Based on a TV show that was famous for giving us strange and otherworldly stories, the behind the scenes story of Twilight Zone: The Movie is sadly similarly bizarre and all too tragic.
Below are 10 shocking facts about this 1983 sci-fi horror anthology film, the production of which will forever be shrouded in controversy.
10. It has very little in common with the TV show
Produced by Steven Spielberg and John Landis, Twilight Zone: The Movie actually has very little in common with the 1950s and 1960s TV show it was based on.
The movie was instead described as ‘a cinematic interpretation’ of the TV show that was originally created by Rod Serling.
9. Four legendary directors directed the movie together
Twilight Zone: The Movie contains four different stories, as well as a prologue and an epilogue, that were helmed by four legendary directors.
The story ‘Time Out,’ as well as the Prologue and Epilogue, were directed by John Landis. ‘Kick the Can’ was directed by Steven Spielberg, while ‘It’s a Good Life’ was directed by Joe Dante, and ‘Nightmare at 20,000 Feet’ was directed by George Miller.
8. The four different stories were originally meant to intertwine
Director Joe Dante has revealed that the movie’s four segments were originally meant to intertwine with each other, with the film’s characters appearing in more than one story.
However, issues with the movie’s production meant that this idea was eventually scrapped, and the segments were kept completely stand-alone and separate.
7. A gruesome on-set accident took the lives of three actors, including two children
Tragically, on 23rd July 1982, during filming of John Landis’ ‘Time Out’ section of Twilight Zone: The Movie, an accident involving a helicopter took the lives of actor Vic Morrow and child actors Myca Dinh Le (aged 7) and Renee Shin-Yi Chen (aged 6).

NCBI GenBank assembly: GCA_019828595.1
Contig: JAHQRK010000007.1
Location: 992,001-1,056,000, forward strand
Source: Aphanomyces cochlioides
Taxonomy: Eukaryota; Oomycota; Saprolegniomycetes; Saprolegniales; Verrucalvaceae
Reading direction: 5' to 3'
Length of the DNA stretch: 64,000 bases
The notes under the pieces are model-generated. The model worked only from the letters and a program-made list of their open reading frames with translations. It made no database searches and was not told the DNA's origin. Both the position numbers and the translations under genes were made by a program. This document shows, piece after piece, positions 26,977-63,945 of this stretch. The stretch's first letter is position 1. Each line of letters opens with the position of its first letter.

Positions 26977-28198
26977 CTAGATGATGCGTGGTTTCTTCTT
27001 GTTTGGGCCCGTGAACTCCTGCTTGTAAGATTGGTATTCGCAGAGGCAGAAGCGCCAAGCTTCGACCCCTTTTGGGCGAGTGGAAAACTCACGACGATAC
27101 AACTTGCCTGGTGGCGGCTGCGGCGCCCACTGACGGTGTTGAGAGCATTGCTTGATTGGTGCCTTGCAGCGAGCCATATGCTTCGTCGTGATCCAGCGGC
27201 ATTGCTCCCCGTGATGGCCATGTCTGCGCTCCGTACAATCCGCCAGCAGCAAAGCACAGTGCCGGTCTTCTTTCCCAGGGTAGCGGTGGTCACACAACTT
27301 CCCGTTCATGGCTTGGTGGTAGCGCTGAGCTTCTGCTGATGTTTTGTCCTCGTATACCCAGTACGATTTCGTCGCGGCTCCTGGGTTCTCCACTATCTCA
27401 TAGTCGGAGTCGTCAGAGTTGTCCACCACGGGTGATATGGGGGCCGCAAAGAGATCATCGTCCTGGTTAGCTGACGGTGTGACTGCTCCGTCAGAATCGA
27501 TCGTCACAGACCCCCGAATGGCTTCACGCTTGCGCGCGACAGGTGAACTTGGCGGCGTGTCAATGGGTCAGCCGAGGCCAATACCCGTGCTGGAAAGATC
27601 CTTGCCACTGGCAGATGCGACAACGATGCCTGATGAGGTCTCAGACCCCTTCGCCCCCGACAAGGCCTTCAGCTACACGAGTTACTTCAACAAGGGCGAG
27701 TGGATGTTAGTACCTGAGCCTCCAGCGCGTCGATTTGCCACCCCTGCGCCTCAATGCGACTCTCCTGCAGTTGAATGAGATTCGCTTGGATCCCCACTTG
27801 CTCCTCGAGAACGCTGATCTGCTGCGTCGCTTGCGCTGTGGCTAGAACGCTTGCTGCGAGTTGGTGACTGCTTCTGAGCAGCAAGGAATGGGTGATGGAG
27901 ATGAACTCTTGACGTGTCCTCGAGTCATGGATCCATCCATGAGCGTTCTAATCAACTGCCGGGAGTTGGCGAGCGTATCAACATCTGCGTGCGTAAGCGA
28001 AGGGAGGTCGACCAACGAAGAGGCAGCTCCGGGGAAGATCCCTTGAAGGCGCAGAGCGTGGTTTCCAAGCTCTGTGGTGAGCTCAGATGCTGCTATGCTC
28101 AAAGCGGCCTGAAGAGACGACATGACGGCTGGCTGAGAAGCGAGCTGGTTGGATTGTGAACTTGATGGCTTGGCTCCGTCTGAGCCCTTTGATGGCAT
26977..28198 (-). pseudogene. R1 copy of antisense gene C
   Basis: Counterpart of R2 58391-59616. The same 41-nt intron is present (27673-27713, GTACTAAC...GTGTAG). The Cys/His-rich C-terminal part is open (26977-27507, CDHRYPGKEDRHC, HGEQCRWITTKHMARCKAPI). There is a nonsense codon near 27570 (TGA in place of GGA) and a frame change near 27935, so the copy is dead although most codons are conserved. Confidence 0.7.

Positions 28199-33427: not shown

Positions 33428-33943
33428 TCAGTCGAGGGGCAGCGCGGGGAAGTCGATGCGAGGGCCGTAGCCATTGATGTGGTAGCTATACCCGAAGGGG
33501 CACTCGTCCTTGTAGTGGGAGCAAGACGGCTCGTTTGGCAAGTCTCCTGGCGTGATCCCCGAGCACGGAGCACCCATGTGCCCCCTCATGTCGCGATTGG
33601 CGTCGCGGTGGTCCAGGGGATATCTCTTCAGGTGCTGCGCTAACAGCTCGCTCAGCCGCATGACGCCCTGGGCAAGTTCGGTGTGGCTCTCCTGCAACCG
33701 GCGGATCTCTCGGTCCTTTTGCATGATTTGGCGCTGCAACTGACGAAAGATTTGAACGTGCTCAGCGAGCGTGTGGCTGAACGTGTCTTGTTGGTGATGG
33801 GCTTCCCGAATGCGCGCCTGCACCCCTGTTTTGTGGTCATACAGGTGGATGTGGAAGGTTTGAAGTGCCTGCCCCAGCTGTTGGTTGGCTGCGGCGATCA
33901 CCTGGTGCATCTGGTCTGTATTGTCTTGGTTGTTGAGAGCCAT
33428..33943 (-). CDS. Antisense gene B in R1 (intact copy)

The accident was deemed to have been caused by a special effects explosion being set off too near a low flying helicopter, which damaged its rotor blades and caused it to crash.
6. Steven Spielberg ended his friendship with John Landis over the accident
The helicopter flying so close to the special effects explosions was caused by a ‘failure to establish direct communications and coordination between the pilot, who was in command of the helicopter operation, and the film director, who was in charge of the filming operation.’
Steven Spielberg was so disgusted with director John Landis’ handling of the accident that he publicly ended their friendship over it.
5. Spielberg called for a limitation of director powers over the incident
Following the Time Out debacle, Spielberg called for an end to directors having complete control over a movie, saying that “no movie is worth dying for.”
Spielberg was also quoted as saying “I think people are standing up much more now, than ever before, to producers and directors who ask too much. If something isn’t safe, it’s the right and responsibility of every actor or crew member to yell, ‘Cut!'”
4. The child actors had been hired illegally
Myca Dinh Le and Renee Shin-Yi Chen, the two child actors who tragically lost their lives, had also been hired illegally.
The children were being paid in secret in an attempt to circumvent California’s child labour laws, which prevented children from working at night.
3. All of the filmmakers were found not guilty of manslaughter
The accident resulted in legal action against the filmmakers which lasted nearly a decade.
Director John Landis, associate producer George Folsey, production manager Dan Allingham, pilot Dorcey Wingo and explosives specialist Paul Stewart were all found not guilty of manslaughter.
2. Some critics rated each of the movie’s stories separately
Due to the nature of Twilight Zone: The Movie, some movie critics took the unprecedented step of reviewing each of the movie’s segments separately.
For example, Roger Ebert rated the prologue and first segment two (out of four) stars, gave the second segment one and a half stars, and the third and fourth segments both three and a half stars.
1. It was adapted into a novel that missed out vital segments
Twilight Zone: The Movie was adapted into a novel by author Robert Bloch, who was given the movie’s script to work from.
However, Bloch didn’t include the prologue and epilogue in his novel, later claiming that no-one had told him about their existence!